What would happen if Christians were more like academics?
In academia, we know that it’s not about personal reputation; it’s about the pursuit of knowledge.
Well, in Christianity, we should know that the focus shouldn’t be on the author’s reputation or platform, but instead on the well-being of the sheep.
We need to keep the main thing the main thing, or else it all becomes about protecting platforms. And Jesus was never about that.
The good thing about that is if your focus is on the well-being of the sheep, then if you find out that you’ve been teaching something wrong, it’s honestly not a big deal to apologize. Your ego has not been tied up in your platform, but instead your focus has been on making sure that people are safe and hear truth.
When someone discovers that a way that you’ve been seeing something is off, then, you rejoice, because your goal is actually to help people, not to build your own platform.
And you realize that someone else critiquing what you wrote, if it was harmful, was not them being hateful. It was them having integrity and caring for the sheep.
What I want to say when I retire
One day, I’m going to stop doing what I’m doing, and retire. On the last post I ever write, on the last podcast I ever do, I hope I say something like this:
Thank you for giving me your ears. I hope what I have said over the years has helped you in your relationships with others and with how you see and know God.
I hope and pray that I’ve gotten more right than wrong. Where I was right, I hope that others build on that and keep showing an even clearer picture of Jesus. Where I was wrong, I hope that this will inspire others to write more in that area, so that we can grow healthier.
I am a product of my time and my generation, and I know I have blindspots. I pray that history may have grace with me. Know that my heart was always to help, and also know that if, in the future, it’s found that some of what I said didn’t ring true, I’ll be the first to celebrate that it’s been discarded in favour of something more Jesus-centred.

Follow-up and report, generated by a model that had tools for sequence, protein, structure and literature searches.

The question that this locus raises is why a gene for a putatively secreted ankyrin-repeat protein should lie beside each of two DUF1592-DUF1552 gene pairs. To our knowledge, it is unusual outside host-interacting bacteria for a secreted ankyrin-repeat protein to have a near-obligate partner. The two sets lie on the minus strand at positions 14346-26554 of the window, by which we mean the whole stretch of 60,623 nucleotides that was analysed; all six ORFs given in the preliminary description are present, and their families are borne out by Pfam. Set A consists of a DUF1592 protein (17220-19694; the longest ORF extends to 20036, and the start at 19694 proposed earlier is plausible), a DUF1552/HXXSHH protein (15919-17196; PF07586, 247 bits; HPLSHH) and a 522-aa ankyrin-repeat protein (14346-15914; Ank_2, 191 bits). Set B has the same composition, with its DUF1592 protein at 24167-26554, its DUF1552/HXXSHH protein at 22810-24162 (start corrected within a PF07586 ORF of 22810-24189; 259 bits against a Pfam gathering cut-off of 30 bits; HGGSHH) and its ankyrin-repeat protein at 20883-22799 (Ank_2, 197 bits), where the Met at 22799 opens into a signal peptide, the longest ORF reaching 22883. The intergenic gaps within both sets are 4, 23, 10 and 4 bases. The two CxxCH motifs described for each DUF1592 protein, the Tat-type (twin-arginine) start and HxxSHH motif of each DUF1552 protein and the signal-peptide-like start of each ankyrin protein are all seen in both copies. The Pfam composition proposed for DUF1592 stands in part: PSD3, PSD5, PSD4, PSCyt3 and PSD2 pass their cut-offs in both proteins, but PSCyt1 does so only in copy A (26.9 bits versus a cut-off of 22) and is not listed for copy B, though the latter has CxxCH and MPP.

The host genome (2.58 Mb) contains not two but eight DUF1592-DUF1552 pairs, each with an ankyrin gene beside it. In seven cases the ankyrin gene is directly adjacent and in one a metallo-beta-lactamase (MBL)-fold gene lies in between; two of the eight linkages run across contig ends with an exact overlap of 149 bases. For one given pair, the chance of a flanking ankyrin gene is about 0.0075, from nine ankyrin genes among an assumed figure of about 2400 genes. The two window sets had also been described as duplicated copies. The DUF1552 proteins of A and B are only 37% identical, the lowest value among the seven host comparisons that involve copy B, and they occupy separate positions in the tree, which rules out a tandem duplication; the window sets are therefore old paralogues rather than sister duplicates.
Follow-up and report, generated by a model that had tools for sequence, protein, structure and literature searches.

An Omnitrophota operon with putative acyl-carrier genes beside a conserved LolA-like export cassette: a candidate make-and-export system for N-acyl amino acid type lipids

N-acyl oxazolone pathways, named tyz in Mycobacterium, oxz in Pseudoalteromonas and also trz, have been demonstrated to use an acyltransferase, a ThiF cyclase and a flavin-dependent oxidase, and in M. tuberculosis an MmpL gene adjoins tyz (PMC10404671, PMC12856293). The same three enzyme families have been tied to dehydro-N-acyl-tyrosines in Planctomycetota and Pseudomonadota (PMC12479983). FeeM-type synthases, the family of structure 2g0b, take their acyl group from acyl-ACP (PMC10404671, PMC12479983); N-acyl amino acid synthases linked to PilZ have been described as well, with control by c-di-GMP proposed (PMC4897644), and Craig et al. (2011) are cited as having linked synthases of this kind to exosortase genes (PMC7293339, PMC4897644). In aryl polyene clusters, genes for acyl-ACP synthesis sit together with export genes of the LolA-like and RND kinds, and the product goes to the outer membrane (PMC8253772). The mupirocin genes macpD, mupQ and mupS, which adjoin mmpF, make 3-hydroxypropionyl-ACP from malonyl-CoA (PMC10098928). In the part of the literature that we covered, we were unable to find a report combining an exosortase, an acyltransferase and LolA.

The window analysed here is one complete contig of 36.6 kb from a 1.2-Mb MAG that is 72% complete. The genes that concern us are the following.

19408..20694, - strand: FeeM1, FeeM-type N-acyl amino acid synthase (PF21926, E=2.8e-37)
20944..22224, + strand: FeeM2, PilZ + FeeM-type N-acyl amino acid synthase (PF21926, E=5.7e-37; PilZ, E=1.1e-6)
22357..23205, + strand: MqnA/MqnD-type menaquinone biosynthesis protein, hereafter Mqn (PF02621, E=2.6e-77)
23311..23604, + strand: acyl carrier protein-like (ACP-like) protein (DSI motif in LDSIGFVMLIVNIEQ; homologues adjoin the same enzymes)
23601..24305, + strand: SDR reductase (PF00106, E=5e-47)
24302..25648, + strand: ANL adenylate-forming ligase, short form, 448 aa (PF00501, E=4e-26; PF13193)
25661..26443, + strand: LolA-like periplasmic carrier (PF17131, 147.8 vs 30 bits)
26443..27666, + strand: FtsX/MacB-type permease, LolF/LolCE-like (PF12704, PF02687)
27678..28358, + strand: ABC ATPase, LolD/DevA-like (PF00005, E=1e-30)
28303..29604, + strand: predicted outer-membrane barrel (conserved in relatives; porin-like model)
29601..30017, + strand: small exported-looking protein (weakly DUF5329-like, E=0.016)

We’re all learning. Thanks for walking this journey with me. I pray that so many others will rise up to continue this work, and make it even better. And know that I’ll be watching, cheering you on.
And no, I am not retiring any time soon! But I hope, when I do, that that is what I will say.
I don’t think that’s hard to say. That’s my heart cry right now.
For some reason, others are calling me hateful because of that (I can’t link to it because they didn’t publicly say it was me they were referring to, but I know enough of our interactions to think that it definitely is).
But I am genuinely concerned. I think because of my work some authors are feeling as if they’re losing everything.
Please hear me on this:
If you simply displayed the attitude we’re talking about, where you rejoice in learning more about the fruit of different teachings, people would not think badly of you. People would respect you. You could continue to build on what you’ve written so far, just take it in a new direction. You would gain so much. You would gain your integrity. You would gain new followers. You would gain the trust of so many readers, because they see where your treasure is. They see it’s not in your platform, but in truth.
Einstein could not have gotten where he was without Newton. Newton may have been wrong about some things, but he advanced science, and gave Einstein directions for his own research.
Sometimes when we’re wrong, we actually make things advance faster. And just because you were wrong in the past doesn’t mean you have to be wrong in the future.
This is what academics understand. As Christians, focusing on Jesus, who is The Truth, can we not do this as well?
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It’s raining gently on the roof of our RV right now. It’s a lovely sound.
And I want you all to know, I’m at peace.
If one of the authors I’ve been critiquing said something like that, what would you think of them? Many pay attention to this space, so here’s your chance to tell them! Leave a comment.
Sheila Wray Gregoire
Founder of To Love, Honor and Vacuum